Marriage was a hot topic this week in the Indian press following rulings by two Delhi Courts. The High Court held that apostasy was automatic grounds for granting a divorce under the country’s Muslim Marriage Act, while the Court of Additional Sessions in Delhi ruled that there was no such thing as “marital rape” under Indian civil law and the Hindu Marriage Act.
Religion — in this case the intersection of Hinduism and Islam — played a prominent role in the reporting of the first story. But it was absent from overseas reports on the second. The Hindu reported that a Muslim wife who quits her faith for another may be granted an automatic divorce from her Muslim husband.
A Division Bench of the High Court, rejecting an appeal of one Munavvar-ul-Islam against a decree of a family court in Saket, has held that dissolution of his marriage with Rishu Arora, who first converted to Islam but later reconverted to her original religion, was valid under the Dissolution of Muslim Marriage Act, 1939.
“It is an admitted fact that the respondent (Rishu) was initially professing Hinduism and had embraced Islam prior to the marriage, and then reconverted to Hinduism. … The trial court was right in specifying that the marriage stands dissolved from the date on which the respondent apostatised from Islam,” stated the Bench, comprising Justice S. Ravindra Bhat and Justice Najmi Waziri, in its 30-page verdict delivered on Friday.
The Indian Express’s lede typifies the interpretation of the ruling.
One’s religious faith is above any law, the Delhi High Court has ruled while granting divorce to a girl who converted to Islam for marriage and then reconverted to her original religion.
The New York Times picked up the marital rape story, running a piece on page A7 of its May 13 print edition entitled: “India: Court Rules That Marital Sex, Even When Forced, Is Not Rape.”
NEW DELHI — A Delhi court has ruled that sex between a husband and wife, “even if forcible, is not rape.” The judge’s decision, which was made public Saturday, upheld section 375 of the Indian Penal Code, which does not recognize “sexual intercourse by a man with his own wife, the wife not being under fifteen years of age,” as rape.
Last October, a Delhi woman filed a complaint against a man she accused of drugging her, abducting her and taking her to Ghaziabad, Uttar Pradesh, to register their marriage. Afterward, she told the court, he raped her.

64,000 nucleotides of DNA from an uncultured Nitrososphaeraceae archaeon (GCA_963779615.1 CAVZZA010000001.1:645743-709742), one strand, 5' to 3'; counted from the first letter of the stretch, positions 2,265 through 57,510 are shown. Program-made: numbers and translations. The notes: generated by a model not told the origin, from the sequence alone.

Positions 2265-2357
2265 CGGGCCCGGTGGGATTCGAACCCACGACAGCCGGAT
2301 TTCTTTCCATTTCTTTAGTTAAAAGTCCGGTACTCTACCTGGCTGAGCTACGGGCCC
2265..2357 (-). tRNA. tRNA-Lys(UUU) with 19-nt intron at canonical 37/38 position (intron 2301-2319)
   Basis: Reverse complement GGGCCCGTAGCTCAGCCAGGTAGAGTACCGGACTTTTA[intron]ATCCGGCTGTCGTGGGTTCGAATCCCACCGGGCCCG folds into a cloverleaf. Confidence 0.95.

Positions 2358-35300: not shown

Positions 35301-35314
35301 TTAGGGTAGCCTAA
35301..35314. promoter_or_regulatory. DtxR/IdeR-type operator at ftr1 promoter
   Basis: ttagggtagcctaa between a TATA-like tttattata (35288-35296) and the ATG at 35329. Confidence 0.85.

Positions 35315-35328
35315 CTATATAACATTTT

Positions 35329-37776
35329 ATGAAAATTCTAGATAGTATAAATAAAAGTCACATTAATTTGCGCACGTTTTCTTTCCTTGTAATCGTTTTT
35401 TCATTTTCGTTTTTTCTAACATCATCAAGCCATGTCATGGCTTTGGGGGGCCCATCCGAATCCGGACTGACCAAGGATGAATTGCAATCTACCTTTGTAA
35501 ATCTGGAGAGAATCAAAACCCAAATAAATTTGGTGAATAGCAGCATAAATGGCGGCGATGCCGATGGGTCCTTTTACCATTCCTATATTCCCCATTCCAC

The judge in the case wrote that there was “no clinching or convincing evidence on record to show that the accused had administered any stupefying substance.” The man accused in the case said that the couple was married in 2011 at the woman’s home in Delhi in the presence of her family, and that they had decided to register with the court only last year on the insistence of the woman. He also said, according to court documents, that the rape complaint was filed by the woman under pressure from her family members, who were not in favor of their marriage.
In her statement to police, the girl had claimed that she met the youth in 2013 while working at a coaching centre. She said the youth, along with his father, had given her a drink laced with sedatives, following which she fell unconscious. Thereafter, she claimed, the accused took her to the Registrar’s Office at Ghaziabad and got the marriage documents signed by her, she claimed.
Later, she alleged that the accused raped her and left her with the threat that in case she disclosed the incident to anybody, they would not spare her. The girl also claimed that the accused committed unnatural sex with her on several occasions, following which police charged the accused under sections of poisoning, rape, abduction and unnatural sex.
However, noting that the girl’s statement was “inconsistent”, the court turned down her allegations saying “there is no clinching or convincing evidence on record to show that the accused had administered any stupefying substance to the prosecutrix before taking her to the Ghaziabad court”.
The Times story offers commentary and analysis, including a statement from a human rights lawyer who favors criminalizing marital rape. However no voices of those who oppose the practice are offered. It also makes this observation:
Last March, the Indian Parliament passed a series of amendments to enact stricter penalties for crimes against women but overlooked a longstanding demand by women’s rights activists to make marital rape a crime.
Is it fair to say parliament “overlooked” marital rape when it reformed the country’s rape laws. No. The Indian Parliament, the Lok Sabha, debated marital rape and rejected criminalizing it on religious and cultural grounds. As The Wall Street Journal reported last year:
Some legal experts believe the government is reluctant to criminalize marital rape because it would require them to tweak laws based on religious practices, including the Hindu Marriage Act 1955, which says a wife is duty-bound to have sex with her husband.
Denying sex, according to traditional Hindu beliefs, goes against the duties of an ideal wife. It is common for courts to grant a divorce on the grounds that a wife denies her husband sexual intercourse. “The wife is unwilling to share the bed and discharge her duties,” the Karnataka High Court said in a judgment last year, adding that this violated sections of the Hindu Marriage Act.
Let me say that I am not — of course — defending marital rape. I agree with the editorial voice of this story. It is the journalistic voice with which I take issue. Not telling the full story, omitting context, robs the reader of understanding.
IMAGE: A Hindu wedding courtesy of Shutterstock.com